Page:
The web is accessible on a huge range of devices from small-screen phones through to huge-screen televisions. Each device presents its own unique benefits and also constraints. As a web developer, you are expected to support all ranges of devices.
We are building a site that works across multiple screen sizes and device
types. In the previous
article, we crafted the
Information Architecture of the page and created a basic structure.
In this guide, we will take our basic structure with content and turn it into
a beautiful page that is responsive across a large number of screen sizes.
Following the principles of Mobile First web development,
we start with a narrow viewport — similar to a mobile phone —
and build for that experience first.
Then we scale up to larger device classes.
We can do this by making our viewport wider and
making a judgment call on whether the design and layout look right.
Earlier we created a couple of different high-level designs for how our content
should be displayed. Now we need make our page adapt to those different layouts.
We do this by making a decision on where to place our breakpoints — a point
where the layout and styles change — based on how the content fits the
Always use a viewport.
Always start with a narrow viewport first and scale out.
Base your breakpoints off when you need to adapt the content.
Create a high-level vision of your layout across major breakpoints.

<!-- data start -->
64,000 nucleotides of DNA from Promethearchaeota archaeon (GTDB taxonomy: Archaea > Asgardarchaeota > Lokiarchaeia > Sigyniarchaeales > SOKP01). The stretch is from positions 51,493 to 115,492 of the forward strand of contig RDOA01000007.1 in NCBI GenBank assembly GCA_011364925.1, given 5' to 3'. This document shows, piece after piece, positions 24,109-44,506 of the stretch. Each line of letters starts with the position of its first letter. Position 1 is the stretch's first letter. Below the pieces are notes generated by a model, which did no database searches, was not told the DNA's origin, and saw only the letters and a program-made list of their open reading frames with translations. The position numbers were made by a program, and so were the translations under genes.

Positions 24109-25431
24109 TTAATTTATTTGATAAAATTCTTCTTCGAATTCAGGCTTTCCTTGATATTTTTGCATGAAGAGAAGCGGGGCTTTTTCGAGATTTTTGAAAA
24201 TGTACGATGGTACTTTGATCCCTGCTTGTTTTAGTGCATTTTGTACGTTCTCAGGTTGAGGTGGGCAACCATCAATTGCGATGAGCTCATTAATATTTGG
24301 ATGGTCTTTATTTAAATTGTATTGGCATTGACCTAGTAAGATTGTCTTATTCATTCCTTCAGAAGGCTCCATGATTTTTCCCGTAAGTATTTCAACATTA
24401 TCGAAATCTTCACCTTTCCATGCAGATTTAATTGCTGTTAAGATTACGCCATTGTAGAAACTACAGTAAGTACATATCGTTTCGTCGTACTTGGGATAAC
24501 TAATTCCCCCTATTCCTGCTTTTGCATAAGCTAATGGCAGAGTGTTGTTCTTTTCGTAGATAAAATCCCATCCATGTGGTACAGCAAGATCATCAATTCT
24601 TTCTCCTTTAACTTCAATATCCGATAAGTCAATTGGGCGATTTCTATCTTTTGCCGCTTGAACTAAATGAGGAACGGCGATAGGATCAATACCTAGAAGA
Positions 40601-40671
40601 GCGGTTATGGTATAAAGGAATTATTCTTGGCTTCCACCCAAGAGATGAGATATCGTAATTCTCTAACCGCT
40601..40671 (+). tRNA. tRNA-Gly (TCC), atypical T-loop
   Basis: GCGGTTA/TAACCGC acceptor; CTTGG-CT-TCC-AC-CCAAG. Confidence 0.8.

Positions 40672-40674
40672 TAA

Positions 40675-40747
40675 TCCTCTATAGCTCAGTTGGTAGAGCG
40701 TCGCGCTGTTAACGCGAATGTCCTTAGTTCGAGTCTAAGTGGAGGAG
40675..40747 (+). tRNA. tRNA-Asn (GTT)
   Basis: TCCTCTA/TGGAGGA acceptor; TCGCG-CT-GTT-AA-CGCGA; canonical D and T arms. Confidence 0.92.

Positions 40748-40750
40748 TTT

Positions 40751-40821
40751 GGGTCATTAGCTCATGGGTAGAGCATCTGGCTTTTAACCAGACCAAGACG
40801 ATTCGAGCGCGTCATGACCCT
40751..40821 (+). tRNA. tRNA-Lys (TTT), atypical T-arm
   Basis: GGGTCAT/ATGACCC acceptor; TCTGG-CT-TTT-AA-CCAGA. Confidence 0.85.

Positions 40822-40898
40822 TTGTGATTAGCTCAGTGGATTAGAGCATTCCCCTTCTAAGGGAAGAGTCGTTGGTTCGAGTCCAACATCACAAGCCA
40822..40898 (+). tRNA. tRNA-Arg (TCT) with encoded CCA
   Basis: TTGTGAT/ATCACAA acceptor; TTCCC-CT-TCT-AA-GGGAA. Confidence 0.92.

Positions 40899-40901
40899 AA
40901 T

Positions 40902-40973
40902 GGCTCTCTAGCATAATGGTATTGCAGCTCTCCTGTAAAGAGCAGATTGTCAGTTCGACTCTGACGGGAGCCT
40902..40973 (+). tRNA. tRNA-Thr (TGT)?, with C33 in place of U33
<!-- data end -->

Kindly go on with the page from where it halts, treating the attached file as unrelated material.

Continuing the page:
Add a viewport
Even for a basic page, you must always include a viewport meta tag.
The viewport is the most critical component you need for building multi-device experiences.
Without it, your site will not work well on a mobile device.
The viewport indicates to the browser that the page needs to be scaled to fit
the screen. There are many different configurations that you can specify for
your viewport to control the display of the page. As a default, we recommend:
Our product and company already has a very specific branding and font guide-lines supplied
in a style guide.
A style guide is a useful way to get a high-level understanding of the visual representation
of the page and it helps you ensure that you are consistent throughout the design.
Add stylistic images
In the previous guide, we added images called “content images”. These were
images that were important to the narrative of our product. Stylistic images
are images that are not needed as part of the core content but add visual flare
or help guide the user’s attention to a specific piece of content.
A good example of this is a headline image for the ‘above the fold’ content. It
is often used to entice the user to read more about the product.
They can be very simple to include. In our case, it will be the background to the
header and we will apply it via some simple CSS.
We have chosen a simple background image that is blurred so it doesn’t take away
from the content and we have set it to cover the entire element; that way it
always stretches whilst maintaining the correct aspect ratio.
Set your first breakpoint
The design starts to look bad at about 600px wide. In our case, the length of
the line is going above 10 words (the optimal reading length) and that is
where we want to change it.
600px appears to be a good place to create our first breakpoint as it will give us scope
to reposition elements to make them fit the screen better. We can do this
using a technology called Media Queries.
There is more space on a larger screen so there is more flexibility with how
content can be displayed.
You don't have to move all the elements at once, you can make smaller adjustments if needed.